Since the first award in 1901, conferment of the Nobel Prize has occasionally engendered criticism and controversy. After his death in 1896, the will of Swedish industrialist Alfred Nobel established that an annual prize be awarded for service to humanity in the fields of physics, chemistry, physiology or medicine, literature, and peace. Similarly, the Sveriges Riksbank Prize in Economic Sciences in Memory of Alfred Nobel is awarded along with the Nobel Prizes.
|Awarded for||Outstanding contributions in physics, chemistry, literature, peace, and physiology or medicine.|
The Sveriges Riksbank Prize in Economic Sciences in Memory of Alfred Nobel, identified with the Nobel Prize, is awarded for outstanding contributions in Economics.
|Presented by||Swedish Academy|
Royal Swedish Academy of Sciences
Norwegian Nobel Committee
Nobel sought to reward "those who, during the preceding year, shall have conferred the greatest benefit on mankind". One prize, he stated, should be given "to the person who shall have made the most important 'discovery' or 'invention' within the field of physics". Awards committees have historically rewarded discoveries over inventions: up to 2004, 77 per cent of Nobel Prizes in physics have been given to discoveries, compared with only 23 per cent to inventions. In addition, the scientific prizes typically reward contributions over an entire career rather than a single year.
No Nobel Prize was established for mathematics and many other scientific and cultural fields. An early theory that envy or rivalry led Nobel to omit a prize to mathematician Gösta Mittag-Leffler was refuted because of timing inaccuracies. Another myth that states that Nobel's spouse had an affair with a mathematician (sometimes attributed as Mittag-Leffler) has been equally debunked; Nobel was never married. A more likely explanation is that Nobel did not consider mathematics as a practical discipline, and too theoretical to benefit humankind, as well as his personal lack of interest in the field and the fact that an award to mathematicians given by Oscar II already existed at the time. Both the Fields Medal and the Abel Prize have been described as the "Nobel Prize of mathematics".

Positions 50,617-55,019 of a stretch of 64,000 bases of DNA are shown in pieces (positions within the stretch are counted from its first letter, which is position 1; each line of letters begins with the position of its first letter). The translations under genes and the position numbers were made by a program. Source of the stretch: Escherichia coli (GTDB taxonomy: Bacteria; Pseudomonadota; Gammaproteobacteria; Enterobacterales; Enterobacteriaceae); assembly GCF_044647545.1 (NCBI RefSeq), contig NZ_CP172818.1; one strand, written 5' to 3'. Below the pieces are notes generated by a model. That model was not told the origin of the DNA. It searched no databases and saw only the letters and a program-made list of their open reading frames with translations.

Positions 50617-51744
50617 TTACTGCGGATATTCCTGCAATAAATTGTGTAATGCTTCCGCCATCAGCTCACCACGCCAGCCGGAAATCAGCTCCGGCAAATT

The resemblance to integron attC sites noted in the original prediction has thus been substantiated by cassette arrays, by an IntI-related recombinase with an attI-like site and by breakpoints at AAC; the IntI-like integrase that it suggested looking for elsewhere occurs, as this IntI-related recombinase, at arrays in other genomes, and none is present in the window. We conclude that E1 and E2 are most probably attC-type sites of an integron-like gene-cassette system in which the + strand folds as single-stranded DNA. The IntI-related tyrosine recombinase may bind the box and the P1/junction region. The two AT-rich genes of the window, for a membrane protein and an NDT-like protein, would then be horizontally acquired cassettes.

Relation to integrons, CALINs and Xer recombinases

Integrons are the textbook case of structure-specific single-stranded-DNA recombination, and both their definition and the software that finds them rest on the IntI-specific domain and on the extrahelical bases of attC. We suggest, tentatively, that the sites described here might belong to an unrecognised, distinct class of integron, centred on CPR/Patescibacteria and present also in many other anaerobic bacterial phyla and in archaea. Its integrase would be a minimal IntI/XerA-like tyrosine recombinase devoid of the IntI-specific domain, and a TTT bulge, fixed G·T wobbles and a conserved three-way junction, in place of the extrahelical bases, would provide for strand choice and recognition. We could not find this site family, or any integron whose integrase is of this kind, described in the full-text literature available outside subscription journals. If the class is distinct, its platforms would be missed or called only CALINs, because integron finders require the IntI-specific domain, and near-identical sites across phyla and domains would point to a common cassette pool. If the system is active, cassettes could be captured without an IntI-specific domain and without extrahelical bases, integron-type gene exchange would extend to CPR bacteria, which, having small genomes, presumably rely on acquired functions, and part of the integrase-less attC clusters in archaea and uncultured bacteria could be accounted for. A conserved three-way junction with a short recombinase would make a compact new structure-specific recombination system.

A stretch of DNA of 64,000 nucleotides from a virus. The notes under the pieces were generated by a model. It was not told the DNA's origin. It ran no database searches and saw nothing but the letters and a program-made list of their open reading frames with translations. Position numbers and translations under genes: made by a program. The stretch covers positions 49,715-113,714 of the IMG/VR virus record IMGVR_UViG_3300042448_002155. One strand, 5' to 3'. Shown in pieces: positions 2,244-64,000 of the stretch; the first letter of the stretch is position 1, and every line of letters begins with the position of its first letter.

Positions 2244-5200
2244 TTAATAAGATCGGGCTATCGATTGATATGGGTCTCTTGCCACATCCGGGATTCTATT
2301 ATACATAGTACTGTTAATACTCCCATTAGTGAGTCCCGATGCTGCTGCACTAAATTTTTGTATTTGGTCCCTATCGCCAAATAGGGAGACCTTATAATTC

The most notorious controversies have been over prizes for Literature, Peace, and Economics. Beyond disputes over which contributor's work was more worthy, critics most often discerned political bias and Eurocentrism in the result. The interpretation of Nobel's original words concerning the Literature prize has also undergone repeated revisions.
A major controversies-generating factor for the more recent scientific prizes (Physics, Chemistry, and Medicine) is the Nobel rule that each award can not be shared by more than two different researches and no more than three different individuals each year. While this rule was adequate in 1901, when most of the science research was performed by individual scientists working with their small group of assistants in relative isolation, in more recent times science research has increasingly become a matter of widespread international cooperation and exchange of ideas among different research groups, themselves composed of dozens or even hundreds of researchers, spread over the years of effort needed to hypothesize, refine and prove a discovery. This has led to glaring omissions of key participants in awarded researches: as an example see below the case of the 2008 Nobel Prize for Physics, or the case of the Atlas/CMS Collaboration that produced the scientific papers that documented the Higgs boson discovery and included a list of researchers filling 15 single-spaced pages.
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